Definition.Let M be a graded A-module. A submodule is said to be

gradedif it satisfies the conditions of proposition 1.An ideal is said to be

gradedif it is graded as a submodule.

Proposition 1 immediately gives the following.

Corollary 1.Given a graded module M, with collection of graded submodules , graded submodule N, and graded ideal ,

are all graded submodules of M.

**Proof**

Since each is generated by homogeneous elements, so is ; thus is graded. Suppose , if *n’* is a homogeneous component of *n*, then for each *i*, and hence . Thus is graded. Finally, if *S* (resp. *T*) is a generating set of (resp. *N*) comprising of homogeneous elements, then is a generating set of comprising of homogeneous elements. ♦

**Exercise B**

Decide if each statement is true.

- If is a graded ideal of
*A*, then is graded. - If are graded submodules, then is a graded ideal.

# Quotient

Proposition 2.Let N be a graded submodule of a graded module M. Then M/N has a canonical grading given by

.

**Proof**

Note that we have . It remains to show *M*/*N* is a direct sum of .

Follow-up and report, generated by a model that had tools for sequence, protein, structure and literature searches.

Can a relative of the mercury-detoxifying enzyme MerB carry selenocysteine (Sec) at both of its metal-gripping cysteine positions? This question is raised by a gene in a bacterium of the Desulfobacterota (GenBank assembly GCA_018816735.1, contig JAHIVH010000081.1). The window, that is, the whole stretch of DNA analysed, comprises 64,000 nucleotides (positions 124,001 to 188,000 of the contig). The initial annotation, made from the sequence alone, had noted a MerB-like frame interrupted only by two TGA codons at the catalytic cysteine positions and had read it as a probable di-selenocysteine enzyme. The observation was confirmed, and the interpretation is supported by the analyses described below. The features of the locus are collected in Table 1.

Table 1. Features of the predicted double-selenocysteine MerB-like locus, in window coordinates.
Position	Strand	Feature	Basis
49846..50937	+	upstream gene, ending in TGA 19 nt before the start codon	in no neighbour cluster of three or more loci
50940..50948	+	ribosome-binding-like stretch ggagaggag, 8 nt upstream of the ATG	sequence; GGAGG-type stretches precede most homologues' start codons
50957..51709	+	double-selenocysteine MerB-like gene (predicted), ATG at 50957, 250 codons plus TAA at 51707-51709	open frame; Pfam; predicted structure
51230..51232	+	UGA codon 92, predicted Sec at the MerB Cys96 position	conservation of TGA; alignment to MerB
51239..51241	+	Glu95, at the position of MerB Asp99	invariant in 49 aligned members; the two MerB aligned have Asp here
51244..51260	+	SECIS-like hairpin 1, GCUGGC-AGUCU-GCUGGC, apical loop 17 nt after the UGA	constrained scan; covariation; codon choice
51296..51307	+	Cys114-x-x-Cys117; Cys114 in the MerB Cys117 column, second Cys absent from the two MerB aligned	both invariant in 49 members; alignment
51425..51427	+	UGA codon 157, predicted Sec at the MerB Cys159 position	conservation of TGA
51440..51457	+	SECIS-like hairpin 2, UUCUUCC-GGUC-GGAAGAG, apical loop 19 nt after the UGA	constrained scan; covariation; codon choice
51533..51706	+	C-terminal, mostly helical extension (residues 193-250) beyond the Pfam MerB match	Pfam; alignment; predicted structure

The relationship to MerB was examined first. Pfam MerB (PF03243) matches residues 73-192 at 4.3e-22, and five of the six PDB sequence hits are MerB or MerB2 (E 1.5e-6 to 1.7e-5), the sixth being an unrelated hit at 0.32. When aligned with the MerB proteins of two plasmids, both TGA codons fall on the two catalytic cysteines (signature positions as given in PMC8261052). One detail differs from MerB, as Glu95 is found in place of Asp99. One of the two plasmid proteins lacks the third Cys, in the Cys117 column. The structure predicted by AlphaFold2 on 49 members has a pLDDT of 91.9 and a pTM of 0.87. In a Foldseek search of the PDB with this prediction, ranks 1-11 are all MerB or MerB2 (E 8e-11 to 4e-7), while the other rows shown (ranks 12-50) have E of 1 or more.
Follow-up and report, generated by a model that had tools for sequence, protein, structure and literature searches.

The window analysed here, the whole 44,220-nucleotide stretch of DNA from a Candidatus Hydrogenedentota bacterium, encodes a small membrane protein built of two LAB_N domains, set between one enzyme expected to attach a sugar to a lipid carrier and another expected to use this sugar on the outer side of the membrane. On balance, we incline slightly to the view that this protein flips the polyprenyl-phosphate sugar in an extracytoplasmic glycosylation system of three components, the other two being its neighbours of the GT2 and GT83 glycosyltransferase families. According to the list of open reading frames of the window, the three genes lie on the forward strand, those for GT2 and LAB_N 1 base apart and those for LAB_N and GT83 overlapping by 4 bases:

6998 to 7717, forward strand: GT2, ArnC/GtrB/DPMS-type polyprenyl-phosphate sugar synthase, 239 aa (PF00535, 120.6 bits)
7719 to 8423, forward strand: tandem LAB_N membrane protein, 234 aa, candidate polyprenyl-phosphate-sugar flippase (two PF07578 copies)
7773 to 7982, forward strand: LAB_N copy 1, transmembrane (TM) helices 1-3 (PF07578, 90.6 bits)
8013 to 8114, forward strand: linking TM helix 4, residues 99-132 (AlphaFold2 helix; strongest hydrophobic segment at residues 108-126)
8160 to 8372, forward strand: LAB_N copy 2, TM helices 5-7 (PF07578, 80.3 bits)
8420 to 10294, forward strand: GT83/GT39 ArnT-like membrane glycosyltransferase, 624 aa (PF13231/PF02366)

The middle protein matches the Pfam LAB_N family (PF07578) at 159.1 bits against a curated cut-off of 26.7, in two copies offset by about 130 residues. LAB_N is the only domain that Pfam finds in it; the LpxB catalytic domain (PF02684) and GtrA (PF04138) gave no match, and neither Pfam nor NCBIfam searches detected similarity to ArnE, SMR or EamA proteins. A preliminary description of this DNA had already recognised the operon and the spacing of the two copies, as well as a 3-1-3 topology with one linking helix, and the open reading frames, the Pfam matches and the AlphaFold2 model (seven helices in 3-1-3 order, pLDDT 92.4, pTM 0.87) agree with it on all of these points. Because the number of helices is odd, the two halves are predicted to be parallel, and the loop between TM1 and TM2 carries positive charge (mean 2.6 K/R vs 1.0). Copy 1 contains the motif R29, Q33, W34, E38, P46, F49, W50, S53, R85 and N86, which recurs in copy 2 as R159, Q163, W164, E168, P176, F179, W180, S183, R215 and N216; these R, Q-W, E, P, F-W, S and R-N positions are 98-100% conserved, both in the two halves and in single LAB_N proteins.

Let . Write with . Then is the sum of images of in . So .

Suppose can be written as and . Then

By condition 2 of proposition 1, each so . ♦

Corollary 2.If is a graded ideal, then is a graded ring under the above grading.

**Proof**

Since , multiplication gives

♦

**Example**

1. Suppose *A* is the coordinate ring of a variety , so that . If *I*(*V*) is homogeneous, then *A* is a graded ring. In particular, the group of units in *A* is , the multiplicative group . This does not work for non-homogeneous *I*(*V*), e.g. the unit group of contains (does equality hold?).

2. We will do exercise C here, i.e. show that is not a UFD. Indeed we have the equality in *A*; we claim that are all irreducible. By lemma 2, since *Z* is homogeneous of degree 1, we can only factor it as a product of a degree-0 and a degree-1 element. But all non-zero degree-0 elements of *A* are units (see example 1). Similarly are irreducible and are clearly not associates.

3. By the same reasoning, is not a UFD.

Note: however is a UFD for all , as we will see later.

# Graded Maps

Definition.Let M and N be graded A-modules, and be A-linear. We say f is

gradedif for each i.

Immediately we have:

Lemma 3.If is a graded map of graded A-modules, then is a graded submodule of M and is a graded submodule of N.

**Proof**

If and with , then and hence is the unique decomposition of *f*(*m*) into its homogeneous components. The rest is an easy exercise. ♦

Proposition 3 (First Isomorphism Theorem).For a graded map of graded modules, we have an isomorphism

in the category of graded A-modules.

**Proof**

Let us show that *g* is graded. The grading on the LHS is given by . Since *f* is graded, *g* takes the LHS into .

Since *g* is bijective, it remains to show that is also graded. For , let . Write as a sum of homogeneous components; since is the degree-*i* homogeneous component of we have so . ♦

**Exercise C**

State and prove the remaining two isomorphism theorems.